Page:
This guidance applies in the exceptional circumstances arising out of the coronavirus (Covid-19) pandemic and its impact on the financial situation of consumer credit customers.
Following a short period for comments, we have finalised our guidance to firms on support to consumer credit customers who face payment difficulties due to coronavirus, and made a number of rule disapplications.
The guidance comes into force on 25 November 2020. But we encourage firms to consider how they can best support their customers at this time, and to follow this guidance earlier than 25 November where they are able to. This may help to limit the number of cases of customers dealt with since 31 October whose outcomes will need to be reviewed in line with paragraph 1.23 of the Payment Deferral guidance relating to Personal Loans (or the corresponding paragraphs in the other updated Credit Payment Deferral Guidance).
For the period 19 November 2020 to 25 November 2020, we encourage firms to act in line with this guidance, notwithstanding that the associated CONC 6 and 7 handbook rules which are subject to rule modifications are not yet technically in force.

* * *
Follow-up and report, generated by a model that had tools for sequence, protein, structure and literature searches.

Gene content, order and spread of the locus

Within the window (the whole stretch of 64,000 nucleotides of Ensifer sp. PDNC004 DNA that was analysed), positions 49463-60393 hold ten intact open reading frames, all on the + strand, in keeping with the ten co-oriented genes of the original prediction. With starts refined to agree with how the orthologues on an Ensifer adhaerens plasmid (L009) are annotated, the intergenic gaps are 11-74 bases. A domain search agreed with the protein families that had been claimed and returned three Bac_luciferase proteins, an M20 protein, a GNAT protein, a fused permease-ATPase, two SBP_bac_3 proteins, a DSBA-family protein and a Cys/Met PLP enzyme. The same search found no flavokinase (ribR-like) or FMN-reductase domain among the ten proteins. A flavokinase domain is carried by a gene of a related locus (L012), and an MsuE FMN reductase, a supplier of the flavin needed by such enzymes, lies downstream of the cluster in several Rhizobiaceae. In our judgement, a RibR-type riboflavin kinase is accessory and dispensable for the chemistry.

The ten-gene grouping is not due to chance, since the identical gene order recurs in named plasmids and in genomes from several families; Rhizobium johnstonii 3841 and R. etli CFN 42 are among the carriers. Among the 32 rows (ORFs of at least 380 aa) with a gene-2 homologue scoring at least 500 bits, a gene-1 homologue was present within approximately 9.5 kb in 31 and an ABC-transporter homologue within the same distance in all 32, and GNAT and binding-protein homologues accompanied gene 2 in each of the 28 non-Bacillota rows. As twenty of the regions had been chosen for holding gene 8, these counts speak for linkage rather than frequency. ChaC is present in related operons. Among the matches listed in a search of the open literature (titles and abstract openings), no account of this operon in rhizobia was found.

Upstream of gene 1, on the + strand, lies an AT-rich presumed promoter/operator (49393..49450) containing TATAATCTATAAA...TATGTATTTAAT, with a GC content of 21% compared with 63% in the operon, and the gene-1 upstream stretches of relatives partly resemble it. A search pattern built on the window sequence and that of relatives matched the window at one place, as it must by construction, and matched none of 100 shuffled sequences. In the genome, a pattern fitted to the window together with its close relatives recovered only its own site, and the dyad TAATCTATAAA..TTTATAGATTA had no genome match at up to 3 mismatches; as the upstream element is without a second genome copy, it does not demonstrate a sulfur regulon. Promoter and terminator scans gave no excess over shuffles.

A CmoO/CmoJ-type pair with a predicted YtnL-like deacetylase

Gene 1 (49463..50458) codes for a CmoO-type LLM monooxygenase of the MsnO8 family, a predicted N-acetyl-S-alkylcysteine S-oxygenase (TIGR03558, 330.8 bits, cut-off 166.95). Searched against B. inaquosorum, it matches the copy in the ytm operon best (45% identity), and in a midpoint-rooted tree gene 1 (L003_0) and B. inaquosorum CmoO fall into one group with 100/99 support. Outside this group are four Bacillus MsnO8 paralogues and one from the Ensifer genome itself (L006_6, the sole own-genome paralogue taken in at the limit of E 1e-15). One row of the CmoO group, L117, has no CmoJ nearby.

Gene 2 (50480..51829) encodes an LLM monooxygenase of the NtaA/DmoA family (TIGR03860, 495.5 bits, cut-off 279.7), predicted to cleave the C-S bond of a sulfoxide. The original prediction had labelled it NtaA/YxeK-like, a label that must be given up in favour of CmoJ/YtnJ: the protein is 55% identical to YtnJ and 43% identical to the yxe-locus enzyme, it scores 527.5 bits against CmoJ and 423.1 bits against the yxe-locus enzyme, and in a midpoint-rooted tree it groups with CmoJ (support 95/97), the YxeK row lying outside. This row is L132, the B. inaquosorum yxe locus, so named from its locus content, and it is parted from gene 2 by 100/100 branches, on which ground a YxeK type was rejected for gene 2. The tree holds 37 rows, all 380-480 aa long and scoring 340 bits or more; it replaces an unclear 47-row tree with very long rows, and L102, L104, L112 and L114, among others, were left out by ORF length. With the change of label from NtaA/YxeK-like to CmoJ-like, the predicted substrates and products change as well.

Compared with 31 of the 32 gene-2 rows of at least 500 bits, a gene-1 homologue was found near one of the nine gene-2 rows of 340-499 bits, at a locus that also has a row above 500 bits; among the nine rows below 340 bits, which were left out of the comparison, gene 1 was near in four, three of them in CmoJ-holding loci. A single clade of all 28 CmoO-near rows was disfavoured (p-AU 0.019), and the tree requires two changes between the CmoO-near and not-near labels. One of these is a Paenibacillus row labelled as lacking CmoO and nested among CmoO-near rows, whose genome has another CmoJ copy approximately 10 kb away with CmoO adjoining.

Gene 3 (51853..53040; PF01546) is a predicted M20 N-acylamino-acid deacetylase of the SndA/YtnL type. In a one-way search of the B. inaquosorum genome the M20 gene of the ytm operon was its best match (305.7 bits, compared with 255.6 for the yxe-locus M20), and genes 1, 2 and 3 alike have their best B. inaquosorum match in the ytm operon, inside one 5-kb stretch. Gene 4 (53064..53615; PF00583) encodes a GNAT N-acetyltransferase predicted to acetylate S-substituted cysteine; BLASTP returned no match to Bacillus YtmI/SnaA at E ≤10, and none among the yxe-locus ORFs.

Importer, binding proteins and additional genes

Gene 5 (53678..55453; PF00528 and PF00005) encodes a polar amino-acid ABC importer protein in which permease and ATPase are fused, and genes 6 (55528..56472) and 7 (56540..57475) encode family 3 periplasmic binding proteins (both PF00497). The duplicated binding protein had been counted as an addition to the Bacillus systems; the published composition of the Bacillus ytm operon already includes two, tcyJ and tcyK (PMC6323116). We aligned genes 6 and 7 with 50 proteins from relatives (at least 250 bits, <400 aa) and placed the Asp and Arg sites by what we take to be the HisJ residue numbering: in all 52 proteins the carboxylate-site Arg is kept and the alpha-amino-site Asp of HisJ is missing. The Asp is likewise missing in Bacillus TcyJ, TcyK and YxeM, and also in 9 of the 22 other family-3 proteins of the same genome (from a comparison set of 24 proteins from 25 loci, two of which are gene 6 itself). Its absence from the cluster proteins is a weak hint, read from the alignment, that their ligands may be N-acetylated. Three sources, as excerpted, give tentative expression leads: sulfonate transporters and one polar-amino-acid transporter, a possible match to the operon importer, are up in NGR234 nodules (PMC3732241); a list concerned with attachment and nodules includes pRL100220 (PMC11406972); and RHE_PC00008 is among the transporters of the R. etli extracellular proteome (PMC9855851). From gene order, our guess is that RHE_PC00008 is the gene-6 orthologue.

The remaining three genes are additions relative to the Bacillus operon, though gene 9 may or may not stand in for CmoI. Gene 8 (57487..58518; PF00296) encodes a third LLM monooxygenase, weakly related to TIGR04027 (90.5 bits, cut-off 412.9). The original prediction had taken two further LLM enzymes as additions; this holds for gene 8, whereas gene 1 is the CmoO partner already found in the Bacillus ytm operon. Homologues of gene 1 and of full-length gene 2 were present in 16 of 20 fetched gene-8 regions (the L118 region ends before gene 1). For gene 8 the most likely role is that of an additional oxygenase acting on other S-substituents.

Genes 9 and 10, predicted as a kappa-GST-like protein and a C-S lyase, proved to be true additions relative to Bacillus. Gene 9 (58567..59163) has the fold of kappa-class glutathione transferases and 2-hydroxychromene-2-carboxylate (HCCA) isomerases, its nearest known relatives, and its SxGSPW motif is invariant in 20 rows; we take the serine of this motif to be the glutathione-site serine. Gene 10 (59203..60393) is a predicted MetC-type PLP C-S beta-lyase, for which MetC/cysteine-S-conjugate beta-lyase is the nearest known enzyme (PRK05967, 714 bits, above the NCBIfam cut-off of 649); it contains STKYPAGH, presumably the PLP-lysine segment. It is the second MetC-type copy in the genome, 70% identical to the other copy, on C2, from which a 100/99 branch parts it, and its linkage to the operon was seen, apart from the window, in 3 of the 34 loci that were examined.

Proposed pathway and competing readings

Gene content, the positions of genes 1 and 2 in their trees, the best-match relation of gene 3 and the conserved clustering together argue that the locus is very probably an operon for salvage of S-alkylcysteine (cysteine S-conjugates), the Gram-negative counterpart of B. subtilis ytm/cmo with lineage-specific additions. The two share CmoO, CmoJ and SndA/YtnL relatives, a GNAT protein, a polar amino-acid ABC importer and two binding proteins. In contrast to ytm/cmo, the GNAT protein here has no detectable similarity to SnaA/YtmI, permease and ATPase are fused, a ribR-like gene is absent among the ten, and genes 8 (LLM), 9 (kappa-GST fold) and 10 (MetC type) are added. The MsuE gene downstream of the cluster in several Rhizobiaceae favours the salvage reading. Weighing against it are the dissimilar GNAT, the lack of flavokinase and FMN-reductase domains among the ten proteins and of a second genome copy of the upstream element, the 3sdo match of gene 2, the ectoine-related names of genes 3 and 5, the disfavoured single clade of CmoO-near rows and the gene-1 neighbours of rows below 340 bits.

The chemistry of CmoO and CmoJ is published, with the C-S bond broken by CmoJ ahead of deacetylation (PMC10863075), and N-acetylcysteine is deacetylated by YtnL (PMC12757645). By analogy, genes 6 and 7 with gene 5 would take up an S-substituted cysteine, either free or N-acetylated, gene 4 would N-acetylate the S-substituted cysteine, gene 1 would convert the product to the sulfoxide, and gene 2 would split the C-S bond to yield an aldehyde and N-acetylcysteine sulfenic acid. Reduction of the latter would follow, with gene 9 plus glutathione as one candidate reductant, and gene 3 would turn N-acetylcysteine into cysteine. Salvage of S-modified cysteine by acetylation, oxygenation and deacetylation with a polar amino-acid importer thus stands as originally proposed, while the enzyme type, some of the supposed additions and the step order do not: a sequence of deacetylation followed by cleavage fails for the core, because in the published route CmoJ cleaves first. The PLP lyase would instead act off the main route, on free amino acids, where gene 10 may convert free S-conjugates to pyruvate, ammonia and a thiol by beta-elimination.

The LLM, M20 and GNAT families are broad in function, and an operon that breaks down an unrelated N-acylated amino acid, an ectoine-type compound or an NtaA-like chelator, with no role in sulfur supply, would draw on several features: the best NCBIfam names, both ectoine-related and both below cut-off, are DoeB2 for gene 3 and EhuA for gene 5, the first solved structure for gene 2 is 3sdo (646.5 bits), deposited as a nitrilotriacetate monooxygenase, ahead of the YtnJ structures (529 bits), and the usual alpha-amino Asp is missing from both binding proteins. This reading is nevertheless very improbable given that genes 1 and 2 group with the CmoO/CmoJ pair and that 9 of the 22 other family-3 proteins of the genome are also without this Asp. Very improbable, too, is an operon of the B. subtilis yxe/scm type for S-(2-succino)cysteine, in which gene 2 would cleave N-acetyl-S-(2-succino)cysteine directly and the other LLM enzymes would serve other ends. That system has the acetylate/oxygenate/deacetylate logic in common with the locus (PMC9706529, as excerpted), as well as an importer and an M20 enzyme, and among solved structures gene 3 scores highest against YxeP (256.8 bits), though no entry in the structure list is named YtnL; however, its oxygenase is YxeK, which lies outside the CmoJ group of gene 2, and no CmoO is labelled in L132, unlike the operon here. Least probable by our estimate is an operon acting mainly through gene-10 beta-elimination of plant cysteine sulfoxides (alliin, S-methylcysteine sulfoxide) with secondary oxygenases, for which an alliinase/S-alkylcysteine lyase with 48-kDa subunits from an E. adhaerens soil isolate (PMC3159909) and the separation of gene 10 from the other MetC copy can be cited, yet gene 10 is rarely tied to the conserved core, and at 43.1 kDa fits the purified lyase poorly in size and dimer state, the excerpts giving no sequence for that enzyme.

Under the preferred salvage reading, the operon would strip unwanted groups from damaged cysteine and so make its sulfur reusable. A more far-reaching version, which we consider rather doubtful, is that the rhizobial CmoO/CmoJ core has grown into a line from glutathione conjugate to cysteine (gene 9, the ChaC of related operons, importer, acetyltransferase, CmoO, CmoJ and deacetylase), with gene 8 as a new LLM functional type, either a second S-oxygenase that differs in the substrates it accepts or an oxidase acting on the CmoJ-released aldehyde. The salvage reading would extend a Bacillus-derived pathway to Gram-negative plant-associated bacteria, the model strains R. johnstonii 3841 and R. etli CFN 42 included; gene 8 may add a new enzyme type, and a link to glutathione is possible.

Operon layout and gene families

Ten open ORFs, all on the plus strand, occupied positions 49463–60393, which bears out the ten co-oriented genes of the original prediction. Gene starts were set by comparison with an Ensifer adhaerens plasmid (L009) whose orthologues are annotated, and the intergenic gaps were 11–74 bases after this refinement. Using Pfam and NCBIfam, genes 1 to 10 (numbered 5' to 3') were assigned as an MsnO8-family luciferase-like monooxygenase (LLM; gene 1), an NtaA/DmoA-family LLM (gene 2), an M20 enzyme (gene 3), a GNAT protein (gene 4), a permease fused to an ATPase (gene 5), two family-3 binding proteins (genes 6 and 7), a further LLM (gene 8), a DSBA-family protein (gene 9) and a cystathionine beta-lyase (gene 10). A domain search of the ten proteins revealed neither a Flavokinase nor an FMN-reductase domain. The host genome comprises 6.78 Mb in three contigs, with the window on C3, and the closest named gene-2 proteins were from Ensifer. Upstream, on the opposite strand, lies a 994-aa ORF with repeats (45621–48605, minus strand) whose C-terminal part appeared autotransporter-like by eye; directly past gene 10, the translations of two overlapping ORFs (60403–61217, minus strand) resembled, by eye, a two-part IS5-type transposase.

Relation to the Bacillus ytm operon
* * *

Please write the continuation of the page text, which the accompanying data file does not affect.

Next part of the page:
We originally published guidance on consumer credit and coronavirus in April 2020 which was updated in July 2020. We published additional guidance for firms on 30 September 2020.
The Payment Deferral Guidance, which consists of five documents all listed above, will continue to provide support for those impacted by coronavirus until 31 July 2021 (with the exception of High-Cost Short-Term Credit), with consumers needing to apply by 31 March 2021.
The Tailored Support Guidance covers the support firms should provide to consumer credit customers who have come to the end of payment deferrals, as well as those whose financial situation may be affected by coronavirus after 31 March.
Consumer credit firms will be able to repossess goods and vehicles from 31 January 2021. However, this should only be as a last resort, and subject to complying with relevant government public health guidelines and regulations, for example on social distancing and shielding. Importantly, we expect firms to exercise particular care when dealing with vulnerable customers and carefully consider the potential impacts when deciding whether repossession of goods or vehicles is appropriate.
Given ongoing uncertainties arising from the impact of coronavirus, we will keep our position under review and will update or amend our guidance, or provide new guidance, if it is required.